I have a 13-year-old girl who is very active and she is extremely picky. She won’t eat any vegetables at all. She has been having problems with her eyesight for 3 years now and she needs a new, stronger prescription every year. I’ve tried hiding vegetables or forcing her to eat them and she chews one bite for 5 minutes and cries. What can I do as far as supplements at her age?
If this girl won’t eat fresh or cooked vegetables even when added to other foods, have you tried juicing vegetables with some fruit? You can buy bottled vegetable and fruit smoothies in the grocery store as a start before buying a juicing machine. Read food labels of store smoothies to ensure you are buying one with vegetables in it. It doesn’t have to be a green smoothie either. While I am not a big juicing fan as it removes fiber in food, it would be one way to include more vegetables. Sometimes you have to take a different approach to encourage vegetable eating in an older child.
Continue offering and encouraging this teen girl to try veggies. Forcing a teen or child can become a test of wills where the child realizes their power over what they will or will not eat. This behavior can lead to an eating disorder. If she has eliminated other food groups, then I would encourage you to make an appointment to see an eating disorder’s therapist before the picky eating becomes entrenched.
I would downplay any emphasis on foods your teen won’t eat unless she starts avoiding whole groups of foods besides vegetables. Ignoring vegetable aversion behavior by this teen may be difficult for you, but be consistent in encouraging and serving vegetables at meals.
I have found that making a spinach salad mixed with lettuce, creamed spinach, or spinach souffle can make eating plain cooked spinach more acceptable by someone who doesn’t like spinach. Do the same with other veggies by combining them in a recipe that makes them appealing. I strongly feel that food has to look good to taste good so appearance is important.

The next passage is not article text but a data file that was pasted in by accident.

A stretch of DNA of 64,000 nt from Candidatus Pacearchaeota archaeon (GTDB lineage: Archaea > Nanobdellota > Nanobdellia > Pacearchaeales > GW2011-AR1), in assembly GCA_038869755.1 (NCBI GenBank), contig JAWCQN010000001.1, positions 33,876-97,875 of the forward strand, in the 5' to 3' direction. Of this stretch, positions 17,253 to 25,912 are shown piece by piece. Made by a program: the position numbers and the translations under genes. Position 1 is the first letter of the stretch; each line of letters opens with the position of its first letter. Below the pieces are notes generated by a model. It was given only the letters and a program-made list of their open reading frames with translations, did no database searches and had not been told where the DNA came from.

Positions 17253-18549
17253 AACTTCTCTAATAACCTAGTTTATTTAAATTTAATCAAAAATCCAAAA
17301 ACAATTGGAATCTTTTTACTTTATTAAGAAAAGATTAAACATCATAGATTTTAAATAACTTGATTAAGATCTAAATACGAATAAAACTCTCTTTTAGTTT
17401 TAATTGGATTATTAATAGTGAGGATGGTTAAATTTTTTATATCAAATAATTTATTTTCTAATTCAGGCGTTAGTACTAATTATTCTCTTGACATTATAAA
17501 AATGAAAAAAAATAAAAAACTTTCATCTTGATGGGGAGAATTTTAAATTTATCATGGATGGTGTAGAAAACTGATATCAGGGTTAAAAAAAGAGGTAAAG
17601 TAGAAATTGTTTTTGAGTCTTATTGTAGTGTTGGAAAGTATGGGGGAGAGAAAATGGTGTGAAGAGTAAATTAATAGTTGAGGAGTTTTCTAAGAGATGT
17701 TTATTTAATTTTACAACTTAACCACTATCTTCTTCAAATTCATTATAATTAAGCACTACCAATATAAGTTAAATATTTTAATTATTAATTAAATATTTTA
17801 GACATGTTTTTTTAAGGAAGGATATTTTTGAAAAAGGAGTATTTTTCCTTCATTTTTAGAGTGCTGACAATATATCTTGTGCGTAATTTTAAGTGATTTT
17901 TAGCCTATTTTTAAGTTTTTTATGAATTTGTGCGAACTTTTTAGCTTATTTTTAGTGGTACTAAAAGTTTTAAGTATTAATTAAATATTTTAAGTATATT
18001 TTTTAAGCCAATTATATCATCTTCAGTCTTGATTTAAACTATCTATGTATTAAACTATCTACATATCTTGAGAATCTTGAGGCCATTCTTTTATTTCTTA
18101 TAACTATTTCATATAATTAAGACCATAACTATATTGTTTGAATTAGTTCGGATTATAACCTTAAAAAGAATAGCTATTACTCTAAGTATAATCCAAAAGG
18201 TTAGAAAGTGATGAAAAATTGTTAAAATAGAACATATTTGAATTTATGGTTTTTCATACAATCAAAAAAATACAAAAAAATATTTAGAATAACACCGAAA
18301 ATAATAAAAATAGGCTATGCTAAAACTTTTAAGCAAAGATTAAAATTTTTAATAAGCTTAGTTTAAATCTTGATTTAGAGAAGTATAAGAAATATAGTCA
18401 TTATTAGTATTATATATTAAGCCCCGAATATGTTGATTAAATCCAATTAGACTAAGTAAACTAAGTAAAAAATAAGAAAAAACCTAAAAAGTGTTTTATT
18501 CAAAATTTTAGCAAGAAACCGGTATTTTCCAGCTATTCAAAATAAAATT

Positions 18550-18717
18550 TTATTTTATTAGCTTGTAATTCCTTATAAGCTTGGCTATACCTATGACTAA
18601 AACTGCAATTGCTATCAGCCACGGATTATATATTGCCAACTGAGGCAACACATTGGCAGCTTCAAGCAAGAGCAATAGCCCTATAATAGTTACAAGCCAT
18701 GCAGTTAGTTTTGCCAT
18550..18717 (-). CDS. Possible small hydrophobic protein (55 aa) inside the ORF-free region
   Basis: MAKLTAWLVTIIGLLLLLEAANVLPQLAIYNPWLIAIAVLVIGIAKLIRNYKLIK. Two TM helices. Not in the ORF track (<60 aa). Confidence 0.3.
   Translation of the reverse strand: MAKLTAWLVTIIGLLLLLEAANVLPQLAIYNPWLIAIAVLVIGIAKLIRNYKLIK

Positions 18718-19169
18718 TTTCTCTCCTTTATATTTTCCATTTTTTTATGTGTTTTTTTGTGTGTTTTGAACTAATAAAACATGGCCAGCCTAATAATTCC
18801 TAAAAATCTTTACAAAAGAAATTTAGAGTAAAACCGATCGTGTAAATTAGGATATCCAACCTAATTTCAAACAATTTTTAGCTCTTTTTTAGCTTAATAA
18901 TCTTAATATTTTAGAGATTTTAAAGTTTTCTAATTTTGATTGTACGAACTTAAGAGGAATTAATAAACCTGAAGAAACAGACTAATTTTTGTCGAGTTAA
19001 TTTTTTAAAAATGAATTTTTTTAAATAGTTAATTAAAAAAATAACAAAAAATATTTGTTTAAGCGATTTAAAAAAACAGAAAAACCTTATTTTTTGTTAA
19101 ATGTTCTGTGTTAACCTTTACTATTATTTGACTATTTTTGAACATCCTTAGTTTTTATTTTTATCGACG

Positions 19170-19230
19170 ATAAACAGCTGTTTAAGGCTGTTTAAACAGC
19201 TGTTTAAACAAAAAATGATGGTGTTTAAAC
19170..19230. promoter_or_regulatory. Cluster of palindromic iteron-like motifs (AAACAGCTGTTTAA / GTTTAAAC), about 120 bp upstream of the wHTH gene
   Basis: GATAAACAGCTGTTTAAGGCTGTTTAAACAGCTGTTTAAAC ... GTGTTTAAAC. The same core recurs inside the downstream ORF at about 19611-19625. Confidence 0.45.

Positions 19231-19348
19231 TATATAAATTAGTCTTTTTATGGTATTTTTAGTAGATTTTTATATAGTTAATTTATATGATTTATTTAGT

Cream soups with pureed vegetables are another option. For example, tomato soup has tomatoes. Other cream soups with pureed butternut squash look like tomato soup. Look for cream soup recipes online and make sure to blend the soup smooth with no chunks before serving.
Children form their eating habits from birth thru the age of 10. If they are not exposed to and not encouraged to eat a wide variety of foods, they do not develop a likeness for foods that they have not tasted. Remember it takes 21 times of offering a child a food before they will try it.
Also, the father figure in a family has influence over vegetable eating according to published research. So if the father of this girl doesn’t eat vegetables as a model of what to eat or makes negative faces while eating vegetables, the girl may not eat vegetables either. Encourage the father figure in this family to smile when he eats vegetables. It has a surprising effect dating back to our cave genes where parents taught their children which foods were safe to eat.
This teen is of an age where her friends may start influencing her food choices. While you may not have input over her friends, you could invite her friends to dinner and serve vegetables. Perhaps seeing her friends eat vegetables would be a positive experience?
Regarding her eyesight, I would have a discussion with her eye doctor (ophthalmologist) about the effect not eating vegetables has on her vision. One eye disease, macular degeneration which more often happens in older people is related to not eating foods high in vitamin C, E, vitamin A beta carotene, zinc, and copper. Generally, citrus fruits are good sources of vitamin C and orange vegetables are good sources of beta carotene. Many cold, ready-to-eat kinds of cereal are fortified with 100% of vitamins. Would this teen girl eat cold cereal with milk for breakfast or a snack? Even eating cereal plain as a snack would be a good choice. I would not recommend zinc and copper supplements as these nutrients work in opposition to each other. Lutein and zeaxanthin which are antioxidants are also helpful for vision by protecting eyes from UV sunlight. It may be wise for her to wear sunglasses when outside even on a cloudy day. Talk to her eye doctor about wearing sunglasses. Lutein is high in leafy greens (spinach, turnip greens, chard, collards, kale), peas, zucchini, pistachio nuts, winter squash, edamame (soybeans in a pod), tomatoes.
As far as supplements, a vitamin and mineral supplement with 100% of the RDA for teens (not adults) would be acceptable, but not an alternative to not eating vegetables. Talk to your pharmacist about which multivitamin they would recommend.
While you could discuss the important vitamins and minerals in vegetables in athletic performance, this may not sway this athletic teen girl. Have you talked to her coach about nutrition information s/he provides to athletes and perhaps scheduling a dietitian to talk to the girl athletes about good food choices for athletic performance?